WATCH ABOVE: A frightening shoot-out involving Alberta Mounties in St. Paul Friday evening is bringing back memories of a number of other officer-involved shootings in the province.
EDMONTON – A frightening shoot-out involving Alberta Mounties in St. Paul Friday evening is bringing back memories of a number of other officer-involved shootings in the province.
The incident in St. Paul left two men dead and three RCMP officers injured. Two of the officers were treated for their injuries and released, but one remains in hospital with non-life-threatening injuries.
On Sunday evening, an Edmonton police officer was injured when shots were exchanged with a suspect. The suspect was killed.
“In the last five to 10 [years], the amount of weapons on the street, the amount of resistance that we see as police officers to comply with police in any situation, but particularly arrests, has increased,” said Sgt. Tony Simioni, president of the Edmonton Police Association.
“The amount of gun incidents, the amount of people who are willing to shoot or use vehicles towards officers as they try to escape, has markedly increased, and that’s a concern,” he said on Monday.
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“It’s just a societal trend that I wish wasn’t happening, but obviously is happening. If you look at the incident in St. Paul, if you take a look across the country in the last year or two, there seems to be a much greater tendency for suspects and people who are running from the law to use whatever manners – including desperate ones like shooting – to get away from police.”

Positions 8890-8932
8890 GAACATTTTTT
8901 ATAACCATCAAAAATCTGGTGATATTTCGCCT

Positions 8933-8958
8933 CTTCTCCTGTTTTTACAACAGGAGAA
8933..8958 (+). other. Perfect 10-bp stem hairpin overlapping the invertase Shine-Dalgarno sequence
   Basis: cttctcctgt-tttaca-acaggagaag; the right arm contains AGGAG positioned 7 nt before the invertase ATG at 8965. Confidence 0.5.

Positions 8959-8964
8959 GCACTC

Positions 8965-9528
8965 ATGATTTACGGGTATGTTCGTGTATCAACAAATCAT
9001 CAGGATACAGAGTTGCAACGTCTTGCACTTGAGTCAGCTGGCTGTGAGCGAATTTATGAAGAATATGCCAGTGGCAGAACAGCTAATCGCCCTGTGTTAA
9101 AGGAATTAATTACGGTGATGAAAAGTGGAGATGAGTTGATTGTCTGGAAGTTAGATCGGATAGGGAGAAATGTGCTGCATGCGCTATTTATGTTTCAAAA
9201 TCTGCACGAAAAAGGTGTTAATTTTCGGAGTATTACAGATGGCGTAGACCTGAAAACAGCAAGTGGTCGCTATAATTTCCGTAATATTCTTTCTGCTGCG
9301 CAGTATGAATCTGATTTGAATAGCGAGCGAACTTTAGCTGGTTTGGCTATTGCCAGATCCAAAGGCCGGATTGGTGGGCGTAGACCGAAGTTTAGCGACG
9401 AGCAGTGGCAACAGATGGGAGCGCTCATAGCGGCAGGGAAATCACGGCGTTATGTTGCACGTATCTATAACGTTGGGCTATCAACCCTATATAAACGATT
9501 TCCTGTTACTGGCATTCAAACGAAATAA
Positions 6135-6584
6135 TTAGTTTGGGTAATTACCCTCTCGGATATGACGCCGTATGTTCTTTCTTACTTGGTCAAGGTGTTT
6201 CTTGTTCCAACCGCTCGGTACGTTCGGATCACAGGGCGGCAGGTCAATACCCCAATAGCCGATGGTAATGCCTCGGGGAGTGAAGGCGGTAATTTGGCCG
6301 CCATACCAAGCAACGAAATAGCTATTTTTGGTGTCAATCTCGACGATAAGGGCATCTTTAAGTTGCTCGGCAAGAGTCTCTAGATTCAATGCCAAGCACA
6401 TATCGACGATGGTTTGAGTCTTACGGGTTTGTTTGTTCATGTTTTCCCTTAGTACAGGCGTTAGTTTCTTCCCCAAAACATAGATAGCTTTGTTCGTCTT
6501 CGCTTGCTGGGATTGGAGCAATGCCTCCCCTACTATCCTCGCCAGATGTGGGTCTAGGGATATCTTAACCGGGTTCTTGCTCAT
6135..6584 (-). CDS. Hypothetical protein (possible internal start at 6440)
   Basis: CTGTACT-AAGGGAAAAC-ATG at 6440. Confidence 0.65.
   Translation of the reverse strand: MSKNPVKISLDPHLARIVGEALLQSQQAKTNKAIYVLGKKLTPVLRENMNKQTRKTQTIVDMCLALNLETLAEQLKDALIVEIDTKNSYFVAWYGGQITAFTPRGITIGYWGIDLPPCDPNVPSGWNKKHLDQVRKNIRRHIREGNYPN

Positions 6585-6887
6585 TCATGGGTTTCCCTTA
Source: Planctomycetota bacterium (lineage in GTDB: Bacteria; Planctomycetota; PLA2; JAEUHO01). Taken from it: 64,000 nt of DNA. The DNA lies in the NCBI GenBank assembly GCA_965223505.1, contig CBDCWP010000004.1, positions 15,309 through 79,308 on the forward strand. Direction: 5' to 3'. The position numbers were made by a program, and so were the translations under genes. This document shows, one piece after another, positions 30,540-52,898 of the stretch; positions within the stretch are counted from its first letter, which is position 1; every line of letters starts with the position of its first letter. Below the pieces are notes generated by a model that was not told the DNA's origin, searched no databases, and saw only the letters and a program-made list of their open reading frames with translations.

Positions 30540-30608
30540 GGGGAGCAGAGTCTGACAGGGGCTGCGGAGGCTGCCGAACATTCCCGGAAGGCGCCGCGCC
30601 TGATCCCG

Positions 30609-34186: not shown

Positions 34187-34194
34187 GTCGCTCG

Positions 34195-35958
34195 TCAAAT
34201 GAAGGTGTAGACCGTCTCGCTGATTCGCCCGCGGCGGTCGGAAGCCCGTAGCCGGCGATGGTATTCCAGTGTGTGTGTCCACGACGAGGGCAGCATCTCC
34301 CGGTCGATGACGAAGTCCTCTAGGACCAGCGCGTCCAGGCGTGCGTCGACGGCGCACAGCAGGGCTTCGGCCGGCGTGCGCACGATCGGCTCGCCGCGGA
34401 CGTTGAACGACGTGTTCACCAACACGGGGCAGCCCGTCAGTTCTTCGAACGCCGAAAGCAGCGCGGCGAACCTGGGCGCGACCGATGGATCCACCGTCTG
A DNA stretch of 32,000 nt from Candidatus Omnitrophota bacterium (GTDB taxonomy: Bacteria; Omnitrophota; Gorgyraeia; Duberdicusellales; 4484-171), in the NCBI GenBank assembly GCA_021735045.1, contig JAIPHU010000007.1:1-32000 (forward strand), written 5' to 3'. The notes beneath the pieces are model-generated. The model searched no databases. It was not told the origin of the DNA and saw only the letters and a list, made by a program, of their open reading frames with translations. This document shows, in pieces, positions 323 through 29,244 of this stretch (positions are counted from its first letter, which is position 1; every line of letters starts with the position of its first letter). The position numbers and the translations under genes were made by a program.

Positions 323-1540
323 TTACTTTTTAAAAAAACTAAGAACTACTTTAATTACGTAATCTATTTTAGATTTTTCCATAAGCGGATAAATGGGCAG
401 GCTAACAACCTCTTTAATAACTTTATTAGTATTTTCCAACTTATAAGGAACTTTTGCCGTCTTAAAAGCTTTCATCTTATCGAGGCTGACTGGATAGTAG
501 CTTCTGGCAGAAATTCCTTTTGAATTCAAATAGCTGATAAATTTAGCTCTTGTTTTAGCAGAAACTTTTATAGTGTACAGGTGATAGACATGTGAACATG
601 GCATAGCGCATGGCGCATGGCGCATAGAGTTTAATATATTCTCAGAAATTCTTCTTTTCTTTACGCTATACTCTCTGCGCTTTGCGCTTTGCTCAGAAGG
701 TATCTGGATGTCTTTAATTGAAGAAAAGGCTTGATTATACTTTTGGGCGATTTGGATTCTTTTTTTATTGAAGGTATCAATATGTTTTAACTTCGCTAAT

St. Paul, a town of about 5,800, is roughly 300 kilometres east of Mayerthorpe, where four Alberta Mounties were killed in March 2005.
The lives of Constables Brock Myrol, Leo Johnston, Peter Schiemann and Anthony Gordon were tragically cut short when James Roszko opened fire on them moments after they walked into a hut on his property near Mayerthorpe. Roszko then turned the gun on himself.
The officers were at Roszko’s property to investigate a marijuana grow operation and a chop shop of stolen vehicle parts.
Dennis Cheeseman and his brother-in-law, Shawn Hennessey, pleaded guilty to manslaughter for giving James Roszko a rifle and a ride the night before Roszko ambushed the RCMP officers.
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In February 2012, two constables were injured in a standoff on a farm near Killam, Alberta, which is about 160 kilometres southeast of Edmonton.
RCMP said at the time that four officers had gone to execute a search warrant on the farm. Two of the officers walked into a house on the property and shots were fired.
Constables Sheldon Shah and Sid Gaudette were struck, but made it back outside. They later underwent surgery and survived.
Officers later found Robison’s uncle, Bradford Clarke, dead in the home and no one else inside.
Sawyer Robison was originally charged with the attempted murder of the two officers and second-degree murder in the death of his uncle. However, the murder charge was later dropped.
In January of this year, two Alberta RCMP officers were injured during a standoff in an area between Vegreville and Tofield.
One of the Mounties was shot in the arm. The other had to undergo surgery after being run over by a vehicle at the rural property.
The situation began when RCMP received a call about a man allegedly threatening to “kill an individual who lives in the Mundare area.”
An investigation led to two men and one woman being taken into custody.
While the events of Friday’s incident in St. Paul remain unclear, the Alberta Serious Incident Response Team has been called in to investigate.
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